Skip to content Skip to left sidebar Skip to right sidebar Skip to footer

A look to the future

From healthcare to tax brackets and from Libya to Afghanistan, U.S. Rep. Phil Roe addressed junior and senior classes at Unicoi County High School last week about the issues that most affect their future.
The congressman informed students that the national healthcare plan would greatly affect their financial future, saying the plan is too costly, too lengthy and unconstitutional, adding that students will foot the bill as adults.
“It’s a 2,500 page document,” Roe explained. “I don’t recommend (reading it) unless you want to go to sleep. The problem is that (the healthcare plan) is that it mandated every citizen must buy health insurance. This has never been done in history. If the Federal government can force its citizens to buy a good or service you do not want, then they can force you to buy anything.”
Roe also tackled the issue of U.S. military involvement in Afghanistan and Libya. Roe, a retired OB/GYN, has visited Afghanistan and witnessed first-hand both the importance of that mission, as well as the sacrifices made.
“Afghanistan is the fourth-poorest country in the world,” he said. “The average life expectancy there is only 44 years of age.”
He added that many children in that country will die of diseases, like measles and mumps, that American children will never contract. Roe also noted that roads in Afghanistan are not paved and many people still live in tents rather than homes.
“It’s like driving back 2,000 years ago,” he said.
Roe also described meeting a 23-year-old Marine who had lost his limbs in the War on Terror. As a Vietnam veteran, Roe said he understands the sacrifice this young man made for his country.
“It’s a high price to pay,” he said. “My job is to make sure this Marine gets everything he needs. I don’t know how long America can sacrifice its treasures, its young people.”
He added that while he believes military action is necessary in Afghanistan, he worries that such involvement in Libya will spread military personnel “too thin.”
“This military now is second to none,” he said of U.S. soldiers. “These soldiers do an amazing job, and they are incredibly well-trained. But we are spread too thin, and we need to think about that when it comes to Libya.”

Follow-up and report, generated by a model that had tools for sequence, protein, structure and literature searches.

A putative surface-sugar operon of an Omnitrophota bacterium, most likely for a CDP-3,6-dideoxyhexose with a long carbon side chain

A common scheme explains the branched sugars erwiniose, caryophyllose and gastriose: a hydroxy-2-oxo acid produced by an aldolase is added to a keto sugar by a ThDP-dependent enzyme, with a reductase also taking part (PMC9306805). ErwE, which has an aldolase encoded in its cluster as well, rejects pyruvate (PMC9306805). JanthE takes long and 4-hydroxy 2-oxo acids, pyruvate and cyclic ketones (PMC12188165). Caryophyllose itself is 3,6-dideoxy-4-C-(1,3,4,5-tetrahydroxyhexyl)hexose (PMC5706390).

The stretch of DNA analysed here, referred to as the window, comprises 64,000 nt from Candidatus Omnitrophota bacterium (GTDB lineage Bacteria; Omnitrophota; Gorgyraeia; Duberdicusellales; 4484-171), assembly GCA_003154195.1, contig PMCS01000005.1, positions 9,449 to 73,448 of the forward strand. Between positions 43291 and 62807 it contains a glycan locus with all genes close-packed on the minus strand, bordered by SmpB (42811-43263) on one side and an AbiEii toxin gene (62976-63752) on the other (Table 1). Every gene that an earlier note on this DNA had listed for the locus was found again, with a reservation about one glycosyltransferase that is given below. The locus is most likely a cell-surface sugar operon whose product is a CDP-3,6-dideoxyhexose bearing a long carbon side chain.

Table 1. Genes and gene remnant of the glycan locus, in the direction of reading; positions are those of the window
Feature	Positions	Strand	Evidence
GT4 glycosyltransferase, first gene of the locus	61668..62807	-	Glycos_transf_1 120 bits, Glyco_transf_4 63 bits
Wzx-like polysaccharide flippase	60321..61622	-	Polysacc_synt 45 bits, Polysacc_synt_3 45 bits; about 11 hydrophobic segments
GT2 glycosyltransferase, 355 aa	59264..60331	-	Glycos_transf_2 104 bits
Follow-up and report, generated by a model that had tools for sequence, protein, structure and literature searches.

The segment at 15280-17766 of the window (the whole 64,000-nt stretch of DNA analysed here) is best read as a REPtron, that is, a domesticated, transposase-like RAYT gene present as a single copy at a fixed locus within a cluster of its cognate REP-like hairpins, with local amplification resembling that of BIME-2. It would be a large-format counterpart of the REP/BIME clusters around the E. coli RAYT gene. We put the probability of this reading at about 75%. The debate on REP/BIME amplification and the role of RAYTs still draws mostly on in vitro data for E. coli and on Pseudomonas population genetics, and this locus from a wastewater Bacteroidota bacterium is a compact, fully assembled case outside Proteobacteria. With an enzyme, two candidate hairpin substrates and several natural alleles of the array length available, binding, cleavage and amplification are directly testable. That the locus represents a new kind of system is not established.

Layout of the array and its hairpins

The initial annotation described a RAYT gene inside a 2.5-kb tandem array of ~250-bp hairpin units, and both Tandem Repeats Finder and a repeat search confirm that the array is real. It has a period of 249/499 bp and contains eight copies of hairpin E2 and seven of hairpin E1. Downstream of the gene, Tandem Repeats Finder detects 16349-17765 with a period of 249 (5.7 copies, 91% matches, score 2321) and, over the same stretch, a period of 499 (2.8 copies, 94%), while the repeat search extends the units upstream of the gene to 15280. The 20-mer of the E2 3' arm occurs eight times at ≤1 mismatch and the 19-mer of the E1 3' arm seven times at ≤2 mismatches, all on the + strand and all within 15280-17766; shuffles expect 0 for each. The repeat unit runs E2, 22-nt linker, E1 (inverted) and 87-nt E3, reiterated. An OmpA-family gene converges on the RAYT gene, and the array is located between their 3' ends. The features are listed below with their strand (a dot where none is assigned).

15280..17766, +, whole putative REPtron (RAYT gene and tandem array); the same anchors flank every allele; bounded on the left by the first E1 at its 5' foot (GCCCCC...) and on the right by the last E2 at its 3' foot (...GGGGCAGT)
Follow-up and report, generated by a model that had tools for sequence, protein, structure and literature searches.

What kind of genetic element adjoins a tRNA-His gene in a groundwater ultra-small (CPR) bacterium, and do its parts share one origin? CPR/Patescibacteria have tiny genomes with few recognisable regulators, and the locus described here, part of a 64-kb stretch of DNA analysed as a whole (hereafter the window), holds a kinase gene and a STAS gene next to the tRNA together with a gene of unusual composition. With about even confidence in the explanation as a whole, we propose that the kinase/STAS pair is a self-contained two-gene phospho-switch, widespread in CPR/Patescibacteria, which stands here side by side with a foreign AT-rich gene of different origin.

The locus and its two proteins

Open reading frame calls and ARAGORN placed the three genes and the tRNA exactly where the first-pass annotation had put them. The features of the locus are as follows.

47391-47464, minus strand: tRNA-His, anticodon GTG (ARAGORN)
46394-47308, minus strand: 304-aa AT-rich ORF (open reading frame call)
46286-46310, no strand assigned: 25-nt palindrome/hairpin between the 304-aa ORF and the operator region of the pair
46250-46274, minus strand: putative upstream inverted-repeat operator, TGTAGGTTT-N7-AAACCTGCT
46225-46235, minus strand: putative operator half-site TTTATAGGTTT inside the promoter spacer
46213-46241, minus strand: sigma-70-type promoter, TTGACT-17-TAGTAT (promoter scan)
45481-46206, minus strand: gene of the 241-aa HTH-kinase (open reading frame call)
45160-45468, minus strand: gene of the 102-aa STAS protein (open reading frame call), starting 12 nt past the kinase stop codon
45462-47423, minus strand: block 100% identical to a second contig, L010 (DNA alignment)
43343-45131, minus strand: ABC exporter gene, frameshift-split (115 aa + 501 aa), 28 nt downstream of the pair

While Roe did not voice opposition to involvement in Libya, he said any military action should be well-planned and strategized with a clear end point.
“If you have a heart in your body, you don’t want to see women and children bombed and killed,” Roe said, “but how many places can America go? How thin can we be stretched? I’m going back to Afghanistan to get my boots on the soil, so if I vote to keep (soldiers) there, and they die, I want to make sure it was worth it. Why go to Libya? To take Gadaffi out? When do you exit? This is very personal to me. I don’t know all the answers, but I think you have to be very careful in involving the U.S. in any more countries.”
The congressman also addressed the issue of the national deficit.
“Even if we decided we didn’t want to have a military and everything in it, that’s $622 billion,” Roe said. “Even if there was no Department of Labor … no funding for education … we would still have a deficit of 42 cents on every dollar borrowed. We are putting the cost on your backs.”
Roe said officials are left with few options when it comes to tackling the growing national debt, saying officials can print more money, increase taxes and expand the economy to produce more jobs. He added that programs like Social Security and Medicare and Medicaid are also large-scale problems, saying changes to those programs will have to be made.
Roe also said that he believes the economy could be bolstered by reducing regulations, lowering taxes and lowering the corporate tax rate.
The congressman opened the floor for questions to a panel of students and faculty from UCHS. The panel included Gary Howard, history department chair; Allen Williams, senior class president; Brett Adkins, junior class president; and Austin Finch, student council president.